‘We can’t keep up’: Hundreds of birds dying in commercial netting

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Key points

  • Animal rescuers and Wildlife Victoria are urging the state government to implement regulations to prevent the “inhumane” death of birds in commercial netting.
  • The issue is widespread across the state and even office workers in commercial CBD buildings are calling rescuers after seeing distressed birds on rooftops.
  • In 2021, the Victorian government introduced mandatory regulations to domestic fruit tree netting in households that has reduced the number of animal entanglement cases by 30 per cent.

Hundreds of birds are being entangled and dying slow painful deaths from protective netting across commercial building rooftops in Melbourne.

Both animal rescuers and Wildlife Victoria are fed up with the lack of government regulation to prevent the “inhumane” death of birds.

Wildlife rescuer Melanie Attard checks on the birds near the roof of a property in Mornington.Credit: Eddie Jim

Melanie Attard, 47, a wildlife rescuer of 22 years has been attending call-outs to commercial buildings in Melbourne’s south-east in Frankston and Mornington and said despite decades of advocacy to the government nothing has changed.

Attard said she is confronted with dead seagulls, ravens and pigeons, many with broken wings and limbs, when she arrives at the commercial sites.

“I’ve seen hundreds if not thousands of dead or dying birds up on rooftops,” said Attard, who also runs animal rescue and management service Humane Animal Solutions.

“We’re getting birds either tangled or trapped in the netting itself or trapped inside the net structure where they die slow, painful deaths,” she said. “Even if we can rescue them, 85 per cent of all of these rescues end up in euthanasia because of the injuries.”

Often fledglings, unable to fly, are also found on the rooftops that birds use for nesting.

The current bird deterrent systems being employed by commercial building owners include suspension netting as well as nylon line that is easily tangled.

Birds can cause significant and costly damage to buildings as their nests can block down pipes and gutters, causing flooding, while the build-up of parasites and disease from bird poo causes a biohazard risk to ventilation systems.

The issue is widespread across the state and even office workers in commercial CBD buildings are calling rescuers after seeing the distressed birds.

Josh Vernon, a rescuer from Wildlife Victoria, said the majority of his call-outs to help with birds caught in commercial netting are in the CBD, including on Flinders Street and in Port Melbourne.

The netting is on top of commercial buildings all over Melbourne.Credit: Eddie Jim

“The majority of these cases are out of sight; once you’re on top of these buildings the extent of birds trapped and dead is mind-boggling. We can’t keep up with the number of animals dying,” he said.

In one case at a disused industrial building in Port Melbourne, Vernon was given access by the MFB to rescue birds and was shocked by what he saw.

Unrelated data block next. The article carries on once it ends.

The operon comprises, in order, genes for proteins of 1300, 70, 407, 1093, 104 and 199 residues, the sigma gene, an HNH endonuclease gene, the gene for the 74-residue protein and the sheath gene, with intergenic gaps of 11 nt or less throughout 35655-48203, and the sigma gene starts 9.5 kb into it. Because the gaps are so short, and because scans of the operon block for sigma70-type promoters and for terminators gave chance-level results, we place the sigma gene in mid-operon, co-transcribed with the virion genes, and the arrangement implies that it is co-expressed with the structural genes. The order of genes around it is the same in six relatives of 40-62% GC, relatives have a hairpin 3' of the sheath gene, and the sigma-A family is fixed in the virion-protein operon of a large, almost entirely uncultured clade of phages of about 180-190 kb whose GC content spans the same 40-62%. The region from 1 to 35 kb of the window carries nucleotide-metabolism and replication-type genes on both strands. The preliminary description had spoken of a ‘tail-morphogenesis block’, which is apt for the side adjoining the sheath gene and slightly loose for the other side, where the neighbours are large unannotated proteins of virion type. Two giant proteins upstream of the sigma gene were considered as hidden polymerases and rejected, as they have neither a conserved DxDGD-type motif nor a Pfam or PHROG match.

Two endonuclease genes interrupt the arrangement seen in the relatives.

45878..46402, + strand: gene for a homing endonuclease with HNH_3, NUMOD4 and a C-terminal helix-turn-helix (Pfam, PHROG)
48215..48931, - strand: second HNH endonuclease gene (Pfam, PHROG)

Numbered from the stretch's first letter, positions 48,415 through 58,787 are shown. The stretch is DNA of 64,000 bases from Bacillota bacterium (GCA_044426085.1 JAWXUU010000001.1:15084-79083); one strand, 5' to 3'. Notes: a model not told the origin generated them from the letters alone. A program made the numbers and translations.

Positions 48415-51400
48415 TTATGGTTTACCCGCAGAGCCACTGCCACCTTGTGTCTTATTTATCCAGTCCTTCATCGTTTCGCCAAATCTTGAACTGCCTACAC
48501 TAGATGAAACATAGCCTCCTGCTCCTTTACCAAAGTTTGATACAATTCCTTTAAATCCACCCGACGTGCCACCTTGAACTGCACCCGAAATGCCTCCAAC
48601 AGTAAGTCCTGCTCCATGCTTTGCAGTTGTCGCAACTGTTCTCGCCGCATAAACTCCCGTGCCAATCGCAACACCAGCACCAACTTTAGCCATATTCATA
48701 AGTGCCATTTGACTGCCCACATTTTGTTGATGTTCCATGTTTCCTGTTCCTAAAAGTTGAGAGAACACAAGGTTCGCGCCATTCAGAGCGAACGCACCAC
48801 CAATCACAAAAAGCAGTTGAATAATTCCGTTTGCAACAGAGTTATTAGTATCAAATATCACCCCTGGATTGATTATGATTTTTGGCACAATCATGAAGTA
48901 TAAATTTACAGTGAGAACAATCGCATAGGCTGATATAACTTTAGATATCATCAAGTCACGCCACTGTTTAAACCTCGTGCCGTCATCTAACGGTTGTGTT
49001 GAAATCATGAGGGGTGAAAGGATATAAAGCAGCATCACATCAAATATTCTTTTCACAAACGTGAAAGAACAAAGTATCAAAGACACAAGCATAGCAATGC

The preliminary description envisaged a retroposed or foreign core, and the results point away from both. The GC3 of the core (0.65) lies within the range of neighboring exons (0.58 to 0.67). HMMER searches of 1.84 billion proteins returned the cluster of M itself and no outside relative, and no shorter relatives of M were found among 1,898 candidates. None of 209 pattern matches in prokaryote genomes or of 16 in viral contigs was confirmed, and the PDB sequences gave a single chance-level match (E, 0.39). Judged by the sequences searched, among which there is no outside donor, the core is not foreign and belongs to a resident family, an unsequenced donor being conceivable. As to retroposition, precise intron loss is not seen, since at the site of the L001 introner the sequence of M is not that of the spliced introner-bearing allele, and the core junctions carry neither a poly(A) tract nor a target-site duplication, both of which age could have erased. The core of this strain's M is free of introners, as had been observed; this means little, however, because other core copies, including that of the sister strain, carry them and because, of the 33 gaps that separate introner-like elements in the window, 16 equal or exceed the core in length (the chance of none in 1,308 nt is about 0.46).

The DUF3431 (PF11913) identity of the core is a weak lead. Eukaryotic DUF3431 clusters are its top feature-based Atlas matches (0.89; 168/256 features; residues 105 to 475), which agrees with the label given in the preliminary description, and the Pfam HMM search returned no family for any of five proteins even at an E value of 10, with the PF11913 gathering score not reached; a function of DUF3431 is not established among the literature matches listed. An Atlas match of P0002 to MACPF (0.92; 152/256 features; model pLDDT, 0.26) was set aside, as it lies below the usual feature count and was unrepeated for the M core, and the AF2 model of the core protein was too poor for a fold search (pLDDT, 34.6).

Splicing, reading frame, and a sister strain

“There were hundreds of birds entangled in an old nylon netting that looked like a spider web, it was shocking,” he said. “I was called back to that building on more occasions after that.”

The task of rescuing the animals comes at a risk for wildlife rescuers who often use ladders or in some cases ask for assistance from emergency services, which Attard said was another strain on the system.

“We’ve called CFA before and they’ll bring the boom trucks and they’ve closed off a lane of Nepean Highway before and cut birds out for us and brought them down because we just cannot safely access the site,” Attard said.

“Some rescues are so hard and dangerous that rescuers can’t get to them and the bird dies up there and it’s really distressing for everyone involved,” she said.

Wildlife Victoria has condemned the lack of regulation in the commercial netting practice and has urged the Victorian government to act.

In 2021, the organisation along with animal welfare advocacy groups campaigned successfully for changes to domestic fruit tree netting regulations after fruit bats and other native wildlife were dying in large hole-netting.

The reforms reduced the size of netting used to protect household fruit trees, vegetable gardens, or other fruiting plants to five millimetres x five millimetres or less at full stretch.

A fine was also introduced for failure to comply with the regulation including people who advertised or offered non-compliant netting for household fruiting plants. The maximum penalty is $2760.

The reforms have reduced the number of entanglement cases by 32 per cent with the number continuing to decline further this year, said Wildlife Victoria.

“We strongly urge the state government to extend these mandatory regulations to encompass commercial netting practices and to further protect Australia’s unique and beautiful wildlife,” a Wildlife Victoria spokesperson said.

However, the state government said there are currently no specific provisions that apply to the use of the netting in commercial settings.

“We understand that birds can cause significant damage to commercial buildings, but it is critical that netting is well maintained and regularly checked to reduce the likelihood of bird entanglements,” a Department of Energy, Environment and Climate Action spokesperson said.

“If birds become entangled, they must be removed promptly and humanely and receive appropriate treatment if they are injured. It is an offence if unreasonable pain or suffering is caused through entanglement.”

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